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Waste Not, Pay Not: Catawba College to Capture Water for Irrigation

September 12, 2006

Category: Athletics

by Eric Proctor, Catawba College News Service

After the roar of the crowd dies down at Catawba College's Frock Fields, you'll hear the sound of water gushing beneath your feet. This water, which is runoff from the geothermal system used throughout the campus to cool or heat buildings, has been piped directly into Grant's Creek. Meanwhile, the College has had to dip into its funds to pay for city water to irrigate the fields for football (two practice and one game), soccer fields (one practice and one game), softball, field hockey, and lacrosse.

"We irrigate 25 acres of playing surface," says Senior Vice President Tom Childress, who views irrigation as a necessity for player safety.

But, one thing bugged him about the whole irrigation process: "You hate to be spending money on city water when you literally have it flowing under your feet into Grant's Creek. We now are going to capture water that we've been just throwing away."

Enter Catawba College Trustee and longtime benefactor James F. "Jim" Hurley III. Hurley has graciously donated the money for two 20,000-gallon tanks that will capture and store the runoff from the geothermal system. Rather than being wasted, this water will in the very near future be used to irrigate the fields.

"It's basically a simple project and something we've been wanting to do for a while, and thanks to Mr. Hurley, we're allowed to do it," says Energy Manager and Assistant Director of Facilities Norman Hodges, who is coordinating the effort.

"It's a pretty neat opportunity for the College," Childress agrees.

Although the project costs approximately $25,000, it is expected to pay for itself within a short time frame.

"It'll be a real cost savings," Director of Facilities Henry Haywood speculates. "We're hoping we'll have payback in two and a half years."

"We're spending a ton of money for irrigation at Frock Fields," agrees Hodges. "We'll reduce the cost significantly on what we pay for city water for that area."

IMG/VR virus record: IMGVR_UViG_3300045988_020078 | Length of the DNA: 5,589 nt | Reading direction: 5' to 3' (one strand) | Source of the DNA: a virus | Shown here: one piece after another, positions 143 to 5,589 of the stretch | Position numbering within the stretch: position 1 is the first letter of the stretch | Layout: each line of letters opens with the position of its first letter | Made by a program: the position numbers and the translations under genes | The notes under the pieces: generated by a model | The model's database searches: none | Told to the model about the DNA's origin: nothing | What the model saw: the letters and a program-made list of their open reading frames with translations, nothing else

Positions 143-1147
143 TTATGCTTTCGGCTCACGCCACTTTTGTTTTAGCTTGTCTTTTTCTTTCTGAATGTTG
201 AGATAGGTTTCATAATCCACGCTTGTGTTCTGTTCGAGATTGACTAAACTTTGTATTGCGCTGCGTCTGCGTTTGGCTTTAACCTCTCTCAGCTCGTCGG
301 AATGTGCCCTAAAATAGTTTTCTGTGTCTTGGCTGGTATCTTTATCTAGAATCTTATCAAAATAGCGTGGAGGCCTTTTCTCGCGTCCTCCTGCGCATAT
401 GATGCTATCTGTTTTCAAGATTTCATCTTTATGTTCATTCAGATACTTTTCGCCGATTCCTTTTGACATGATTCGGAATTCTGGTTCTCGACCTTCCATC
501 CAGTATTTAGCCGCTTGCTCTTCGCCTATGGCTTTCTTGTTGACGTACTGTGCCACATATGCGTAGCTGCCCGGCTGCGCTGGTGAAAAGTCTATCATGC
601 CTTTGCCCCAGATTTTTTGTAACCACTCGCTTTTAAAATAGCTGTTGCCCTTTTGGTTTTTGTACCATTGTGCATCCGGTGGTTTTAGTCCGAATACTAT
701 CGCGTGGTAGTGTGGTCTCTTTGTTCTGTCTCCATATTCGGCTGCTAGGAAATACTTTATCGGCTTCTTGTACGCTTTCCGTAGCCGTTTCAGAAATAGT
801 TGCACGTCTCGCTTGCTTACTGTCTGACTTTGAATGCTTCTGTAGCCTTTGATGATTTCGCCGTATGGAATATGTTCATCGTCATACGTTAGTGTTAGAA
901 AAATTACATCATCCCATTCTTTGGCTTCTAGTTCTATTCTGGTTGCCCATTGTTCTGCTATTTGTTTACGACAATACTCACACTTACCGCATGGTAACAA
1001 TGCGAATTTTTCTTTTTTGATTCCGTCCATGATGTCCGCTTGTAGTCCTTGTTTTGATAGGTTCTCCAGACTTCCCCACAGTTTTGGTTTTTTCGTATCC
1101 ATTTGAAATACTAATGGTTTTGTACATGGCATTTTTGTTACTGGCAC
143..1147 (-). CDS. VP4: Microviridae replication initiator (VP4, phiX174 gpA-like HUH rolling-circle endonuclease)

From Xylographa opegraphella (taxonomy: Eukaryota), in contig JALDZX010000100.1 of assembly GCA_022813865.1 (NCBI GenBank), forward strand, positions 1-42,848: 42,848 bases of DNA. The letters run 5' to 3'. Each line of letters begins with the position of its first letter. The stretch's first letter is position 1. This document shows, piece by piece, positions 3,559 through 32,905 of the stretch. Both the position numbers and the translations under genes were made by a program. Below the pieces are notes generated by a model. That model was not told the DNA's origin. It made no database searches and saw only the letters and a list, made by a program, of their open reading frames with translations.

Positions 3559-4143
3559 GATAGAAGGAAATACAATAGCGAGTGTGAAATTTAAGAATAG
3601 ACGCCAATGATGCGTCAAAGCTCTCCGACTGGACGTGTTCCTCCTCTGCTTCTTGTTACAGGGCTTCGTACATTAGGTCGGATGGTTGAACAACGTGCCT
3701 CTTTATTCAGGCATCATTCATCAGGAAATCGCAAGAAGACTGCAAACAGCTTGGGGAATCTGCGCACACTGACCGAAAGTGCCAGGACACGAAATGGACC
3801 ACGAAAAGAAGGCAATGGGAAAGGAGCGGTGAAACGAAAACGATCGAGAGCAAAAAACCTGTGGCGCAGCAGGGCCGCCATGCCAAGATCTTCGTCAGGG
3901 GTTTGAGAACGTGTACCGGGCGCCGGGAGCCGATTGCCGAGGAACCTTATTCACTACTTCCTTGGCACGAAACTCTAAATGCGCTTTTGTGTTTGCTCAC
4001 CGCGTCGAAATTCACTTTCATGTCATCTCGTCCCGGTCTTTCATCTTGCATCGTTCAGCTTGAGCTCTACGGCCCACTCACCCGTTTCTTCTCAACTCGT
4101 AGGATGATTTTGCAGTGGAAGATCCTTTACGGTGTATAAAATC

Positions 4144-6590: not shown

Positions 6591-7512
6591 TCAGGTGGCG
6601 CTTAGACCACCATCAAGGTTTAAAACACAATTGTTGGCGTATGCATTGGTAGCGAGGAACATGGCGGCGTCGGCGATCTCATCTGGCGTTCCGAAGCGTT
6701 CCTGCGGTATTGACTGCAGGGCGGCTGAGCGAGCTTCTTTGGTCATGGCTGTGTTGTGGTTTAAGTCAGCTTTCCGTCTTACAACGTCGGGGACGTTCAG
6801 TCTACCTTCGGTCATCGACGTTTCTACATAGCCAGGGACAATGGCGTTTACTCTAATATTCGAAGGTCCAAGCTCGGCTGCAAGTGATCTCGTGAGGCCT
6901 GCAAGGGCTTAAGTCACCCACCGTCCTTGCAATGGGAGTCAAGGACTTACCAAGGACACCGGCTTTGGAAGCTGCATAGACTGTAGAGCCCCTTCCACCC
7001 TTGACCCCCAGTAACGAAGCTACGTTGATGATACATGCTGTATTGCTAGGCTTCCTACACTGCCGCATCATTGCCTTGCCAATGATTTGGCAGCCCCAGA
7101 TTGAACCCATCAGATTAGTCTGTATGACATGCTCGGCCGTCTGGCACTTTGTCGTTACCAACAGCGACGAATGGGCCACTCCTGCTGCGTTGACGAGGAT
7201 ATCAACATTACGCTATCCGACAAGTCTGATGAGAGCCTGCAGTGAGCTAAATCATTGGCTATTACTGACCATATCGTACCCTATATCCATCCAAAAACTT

After the payback occurs, everything else is just money saved. More importantly, however, the project will also be saving the environment.

"It's good for us to be able to use the water again because it doesn't have the chemicals that city water has," says Haywood.

Hodges explains that the chemical content of city water has a tendency to neutralize the fertilizers used on the fields. The water in the new holding tanks will be all natural.

According to Hodges, the holding tanks are on order and preliminary site work for their installation is underway. Hodges is teaming with another facilities department colleague, Bill Kluttz, to begin construction, but will seek a contractor for what he deems "a partial in-house project and a contracted project."

After the estimated three months it will take for project completion, who will be able to look back with pride and say that they came up with the idea?   According to Hodges, that will not be so easy to pinpoint.

While hands could shoot up across the facilities department, it was really a collective effort. Hodges and Haywood realized the need for the tanks at the same time, and there was already talk among their colleagues about what a shame it was to waste the geothermal water by dumping into Grant's Creek.

"I'd like to give credit to the entire facilities department," smiles Hodges. "I don't think you can cite an individual, you have to cite the whole department. We don't have heroes. We have a unit that functions as one."

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